Dr. Bredesen's ‘Cognoscopy’ and recommended biomarkers for Alzheimer's prevention | Dale Bredesen
Alzheimer's disease is a complex disorder that arises from a confluence of biological, dietary, and environmental factors. Identifying the underlying causes and addressing them is critical for both the prevention and management of its symptoms. A "cognoscopy," a battery of assessments that includes biochemical tests, measures some of the key biomarkers associated with Alzheimer’s disease and can inform the trajectory of treatment. In this clip, Dr. Dale Bredesen talks about strategies for identifying the factors that contribute to one's risk of developing Alzheimer's disease and describes strategies for mitigating that risk.
Rhonda: So there's a variety of biomarkers that you are suggesting people can go and get measured?
Rhonda: You know, to, this, what did you call it? The...
Dale: The cognoscopy.
Rhonda: Cognoscopy, yes. That's a nice term. So, including the genetic factor, ApoE4, seeing the ApoE4 and then you have a variety of biomarkers that you kind of just mentioned. Some of those, I think you also have published on before, talking about the insulin sensitivity as well, looking at insulin sensitivity and glycated hemoglobin. So maybe we can talk a little bit about some of those biomarkers and how...so you have this wonderful protocol, let's see, the MEND protocol.
Dale: Right, so it's now called ReCODE, so MEND was the very first edition, that was Metabolic Enhancement for Neurodegeneration. But as we have made 2.0 and 3.0 and we have made it more sophisticated, as I mentioned in the book, it's become ReCODE, which is for reversal of cognitive decline. And we now have over 3,000 people who are on this protocol with unprecedented, and we've published a number of the results. We actually have another thing that's just finishing up that reports another 50 people who have shown improvement.
Rhonda: Fifty, wow. So the publications that I had read you had shown, I think it was about 10 patients.
Dale: There was 10 and then there were another 10.
Rhonda: Another 10.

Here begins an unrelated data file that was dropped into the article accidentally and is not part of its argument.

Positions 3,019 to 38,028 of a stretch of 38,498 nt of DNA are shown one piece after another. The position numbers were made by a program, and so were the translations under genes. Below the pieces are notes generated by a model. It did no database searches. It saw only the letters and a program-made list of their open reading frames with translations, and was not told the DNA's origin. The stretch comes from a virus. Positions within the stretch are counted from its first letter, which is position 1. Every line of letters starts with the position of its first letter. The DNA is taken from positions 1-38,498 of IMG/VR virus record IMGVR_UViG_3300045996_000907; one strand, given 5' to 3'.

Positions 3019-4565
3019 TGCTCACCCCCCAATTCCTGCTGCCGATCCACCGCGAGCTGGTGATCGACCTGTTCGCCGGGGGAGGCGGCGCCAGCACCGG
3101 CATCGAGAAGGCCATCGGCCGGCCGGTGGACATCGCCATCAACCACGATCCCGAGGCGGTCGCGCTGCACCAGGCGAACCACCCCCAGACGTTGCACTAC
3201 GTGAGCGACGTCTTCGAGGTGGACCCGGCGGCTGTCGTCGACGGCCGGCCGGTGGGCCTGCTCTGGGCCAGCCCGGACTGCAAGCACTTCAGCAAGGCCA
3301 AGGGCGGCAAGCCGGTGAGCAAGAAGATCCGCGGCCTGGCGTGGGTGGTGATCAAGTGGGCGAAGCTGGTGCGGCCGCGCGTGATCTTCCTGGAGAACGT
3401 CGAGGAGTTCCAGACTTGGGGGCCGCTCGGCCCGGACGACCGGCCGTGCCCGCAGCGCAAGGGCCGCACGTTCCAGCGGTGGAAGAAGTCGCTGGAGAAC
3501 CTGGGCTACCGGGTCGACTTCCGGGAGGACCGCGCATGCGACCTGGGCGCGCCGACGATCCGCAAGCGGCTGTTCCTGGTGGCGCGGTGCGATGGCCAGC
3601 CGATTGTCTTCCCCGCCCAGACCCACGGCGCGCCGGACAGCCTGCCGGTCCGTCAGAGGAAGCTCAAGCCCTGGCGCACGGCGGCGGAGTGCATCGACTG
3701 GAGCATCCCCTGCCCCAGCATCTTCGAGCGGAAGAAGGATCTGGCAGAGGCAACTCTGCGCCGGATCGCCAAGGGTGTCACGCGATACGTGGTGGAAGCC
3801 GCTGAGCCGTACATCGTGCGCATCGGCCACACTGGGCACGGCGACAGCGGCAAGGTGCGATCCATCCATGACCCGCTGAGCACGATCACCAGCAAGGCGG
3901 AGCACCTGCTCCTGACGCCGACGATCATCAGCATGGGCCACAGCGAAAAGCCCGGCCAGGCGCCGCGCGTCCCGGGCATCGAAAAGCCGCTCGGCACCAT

Dale: A different 10, yeah.
Rhonda: Right, and you showed that you were able to basically take a person that had Alzheimer's disease, some of them had to leave work because of their issues, and you put them on a protocol and they were not only were able to some of them return to work but they also seem to have brain mass returning and just so it was really phenomenal. So, some of these, some of the very complex diet/lifestyle intervention that you did here, maybe we can talk about some of the key ones starting with like this diet overhaul that...
Dale: Yeah, and I should say, you know, it goes back to one very simple principle. We've been trying to treat this disease without knowing what causes it. So I usually tell people it's as if you took your car into the mechanic because it wasn't working well, and the mechanic said, "Oh, Rhonda, no problem. This is called car not working syndrome and your car is going to die." And you say, "Well, wait a minute. I mean, shouldn't you figure out why, why something, what went wrong with it?" And I said, "Well, no, you know, the testing isn't reimbursed so we're not going to do that." And that's the unfortunate situation we've been in.
People say, "We don't know what causes it, there's nothing you can do about it. There's nothing we can do, and you're going to die." And medicine is changing in the 21st century, as you know. It is becoming less about mono-therapeutics and more about programmatics. And at the center of this is to understand why complex chronic illnesses occur. When you have something like there's a simple illness like pneumococcal pneumonia, you find the pneumococcus, you treat the pneumococcus, and all the other underlying things, alcohol, diabetes, anything that could have been contributing is less important because you've got at the pneumococcal pneumonia, that's not the case with complex chronic illnesses.
With Alzheimer's, there are dozens of things that can be contributing. And so what we want to do is address all of those. Yes, if you have pathogens, many people have, for example, Borrelia from Lyme disease or a Lyme co-infection like Bartonella or Babesia or Ehrlichia, things like that, then those need to be addressed. And of course, you need to change the underlying biochemistry. So as you indicated, there are specific biomarkers. So we want to know you are hsCRP, it's a marker of inflammation, of course, we want to know your homocysteine, the marker of methylation. If you're not methylated appropriately and your homocysteine is high, then you are at increased risk for neurodegeneration. And of course, it's been published that you have a more rapid decline in your cerebral grey matter volume and hippocampal volume if you have a high homocysteine.
Rhonda: Is that because of vascular reasons or what's the homocysteine mean?